Our Researchers’ Cafés are informal gatherings of researchers, clinicians, decision-makers and patient partners.
Research teams will present their work and there will be time for networking in-between sessions. The topic for this upcoming Café is partnering for impact. We have three amazing presentations on how patient-oriented research teams have made an impact in health care in the areas of long-term care, mental health and quality of life assessments.
This year’s Café is virtual however, if you chose to come in person, we do have a limited number of seats available at Central City Offices in Surrey.
Patient partner impacts on a project, project impacts on a patient partner, and quality improvement – More than a two-way street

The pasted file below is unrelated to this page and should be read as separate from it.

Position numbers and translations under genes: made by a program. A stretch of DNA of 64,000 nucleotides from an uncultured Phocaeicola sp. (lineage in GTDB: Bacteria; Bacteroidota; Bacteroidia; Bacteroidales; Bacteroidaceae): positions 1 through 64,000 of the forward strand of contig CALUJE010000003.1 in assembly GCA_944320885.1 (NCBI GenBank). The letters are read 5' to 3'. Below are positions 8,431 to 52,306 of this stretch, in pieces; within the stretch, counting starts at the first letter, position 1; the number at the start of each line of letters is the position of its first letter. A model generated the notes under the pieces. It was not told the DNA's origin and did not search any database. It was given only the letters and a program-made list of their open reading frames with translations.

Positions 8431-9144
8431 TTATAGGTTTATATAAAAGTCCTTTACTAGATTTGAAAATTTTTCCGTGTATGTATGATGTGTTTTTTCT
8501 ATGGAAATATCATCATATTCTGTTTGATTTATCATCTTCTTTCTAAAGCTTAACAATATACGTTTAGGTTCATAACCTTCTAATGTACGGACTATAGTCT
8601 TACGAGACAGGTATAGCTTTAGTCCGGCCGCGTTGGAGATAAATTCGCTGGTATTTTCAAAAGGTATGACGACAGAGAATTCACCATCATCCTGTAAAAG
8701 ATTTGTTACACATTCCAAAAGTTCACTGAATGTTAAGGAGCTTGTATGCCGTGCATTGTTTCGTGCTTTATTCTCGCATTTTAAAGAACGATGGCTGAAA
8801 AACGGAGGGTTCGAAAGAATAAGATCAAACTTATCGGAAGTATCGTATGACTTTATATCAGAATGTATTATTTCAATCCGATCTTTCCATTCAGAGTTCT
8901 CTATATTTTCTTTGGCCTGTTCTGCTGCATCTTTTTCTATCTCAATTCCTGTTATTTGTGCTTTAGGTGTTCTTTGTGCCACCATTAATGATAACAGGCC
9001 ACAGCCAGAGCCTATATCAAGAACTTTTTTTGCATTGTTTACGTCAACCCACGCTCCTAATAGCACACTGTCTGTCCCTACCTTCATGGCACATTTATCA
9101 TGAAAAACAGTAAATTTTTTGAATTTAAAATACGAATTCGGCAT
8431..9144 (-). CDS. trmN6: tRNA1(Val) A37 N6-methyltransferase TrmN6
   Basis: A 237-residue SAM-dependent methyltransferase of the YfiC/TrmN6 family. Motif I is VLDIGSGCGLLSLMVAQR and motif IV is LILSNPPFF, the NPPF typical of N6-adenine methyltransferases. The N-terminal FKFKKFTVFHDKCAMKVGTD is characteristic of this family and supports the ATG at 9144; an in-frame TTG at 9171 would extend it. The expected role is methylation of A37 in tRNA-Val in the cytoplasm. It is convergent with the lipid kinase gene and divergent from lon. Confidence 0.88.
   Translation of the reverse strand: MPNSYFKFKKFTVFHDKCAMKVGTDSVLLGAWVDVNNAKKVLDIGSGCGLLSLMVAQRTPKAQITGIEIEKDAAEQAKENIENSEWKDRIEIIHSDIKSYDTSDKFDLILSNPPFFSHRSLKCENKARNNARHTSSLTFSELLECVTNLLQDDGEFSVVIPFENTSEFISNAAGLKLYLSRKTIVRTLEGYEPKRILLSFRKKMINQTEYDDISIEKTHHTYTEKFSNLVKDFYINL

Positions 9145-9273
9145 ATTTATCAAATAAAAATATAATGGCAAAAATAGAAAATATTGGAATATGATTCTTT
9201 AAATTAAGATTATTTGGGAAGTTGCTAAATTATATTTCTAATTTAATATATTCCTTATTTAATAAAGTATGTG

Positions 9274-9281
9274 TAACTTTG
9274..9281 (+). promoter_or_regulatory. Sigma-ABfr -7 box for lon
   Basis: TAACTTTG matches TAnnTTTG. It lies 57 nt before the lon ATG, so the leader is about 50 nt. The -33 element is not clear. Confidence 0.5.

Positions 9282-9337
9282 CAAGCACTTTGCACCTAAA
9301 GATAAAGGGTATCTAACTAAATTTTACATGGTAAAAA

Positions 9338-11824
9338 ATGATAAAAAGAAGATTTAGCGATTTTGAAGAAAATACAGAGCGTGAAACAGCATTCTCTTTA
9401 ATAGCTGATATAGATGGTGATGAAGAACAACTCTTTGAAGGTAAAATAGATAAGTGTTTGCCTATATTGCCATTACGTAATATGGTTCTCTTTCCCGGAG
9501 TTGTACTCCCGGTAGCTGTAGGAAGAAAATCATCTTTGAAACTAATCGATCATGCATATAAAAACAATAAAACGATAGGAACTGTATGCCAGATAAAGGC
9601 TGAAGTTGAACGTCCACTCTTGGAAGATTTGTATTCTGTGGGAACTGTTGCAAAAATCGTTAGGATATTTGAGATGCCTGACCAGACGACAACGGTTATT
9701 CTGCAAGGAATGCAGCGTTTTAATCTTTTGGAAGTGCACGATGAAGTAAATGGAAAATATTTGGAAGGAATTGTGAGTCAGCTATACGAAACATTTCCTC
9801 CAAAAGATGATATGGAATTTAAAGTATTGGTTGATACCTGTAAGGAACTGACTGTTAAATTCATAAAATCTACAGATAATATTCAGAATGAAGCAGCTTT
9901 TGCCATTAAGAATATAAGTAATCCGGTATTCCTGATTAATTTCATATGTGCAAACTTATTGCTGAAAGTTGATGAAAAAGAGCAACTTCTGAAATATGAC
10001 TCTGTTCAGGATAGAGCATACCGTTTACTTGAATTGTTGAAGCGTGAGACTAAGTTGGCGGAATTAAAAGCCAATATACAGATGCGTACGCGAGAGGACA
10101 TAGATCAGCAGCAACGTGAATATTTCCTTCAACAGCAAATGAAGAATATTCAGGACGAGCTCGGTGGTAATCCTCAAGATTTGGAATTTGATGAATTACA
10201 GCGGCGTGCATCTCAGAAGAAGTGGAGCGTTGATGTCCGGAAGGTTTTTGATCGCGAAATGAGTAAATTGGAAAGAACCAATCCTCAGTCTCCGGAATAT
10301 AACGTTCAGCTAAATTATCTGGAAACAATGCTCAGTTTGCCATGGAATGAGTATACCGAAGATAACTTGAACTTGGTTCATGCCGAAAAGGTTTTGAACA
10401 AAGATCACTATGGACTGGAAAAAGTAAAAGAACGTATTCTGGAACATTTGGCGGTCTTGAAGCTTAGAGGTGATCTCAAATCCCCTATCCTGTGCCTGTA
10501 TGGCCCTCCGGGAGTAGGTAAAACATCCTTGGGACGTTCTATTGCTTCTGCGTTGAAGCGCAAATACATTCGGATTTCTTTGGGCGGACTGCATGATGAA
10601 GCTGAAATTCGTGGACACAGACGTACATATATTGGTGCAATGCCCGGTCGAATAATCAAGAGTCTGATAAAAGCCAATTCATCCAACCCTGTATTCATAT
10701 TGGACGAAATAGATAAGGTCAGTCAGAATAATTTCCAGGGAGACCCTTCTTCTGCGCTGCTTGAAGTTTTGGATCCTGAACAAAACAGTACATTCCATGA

The impact of the implementation of a team-based, virtual quality improvement collaborative approach to pandemic preparedness in long-term care homes in Fraser Health (PAPLOC Study)1 with patient partners as key team members is being investigated through patient-oriented implementation science. However, few inroads have been made regarding the quality of engagement and impact of projects on patient partners; for example, resident and family care partners in long-term care homes. How do patient partners feel about their participation in quality improvement and research projects in this setting?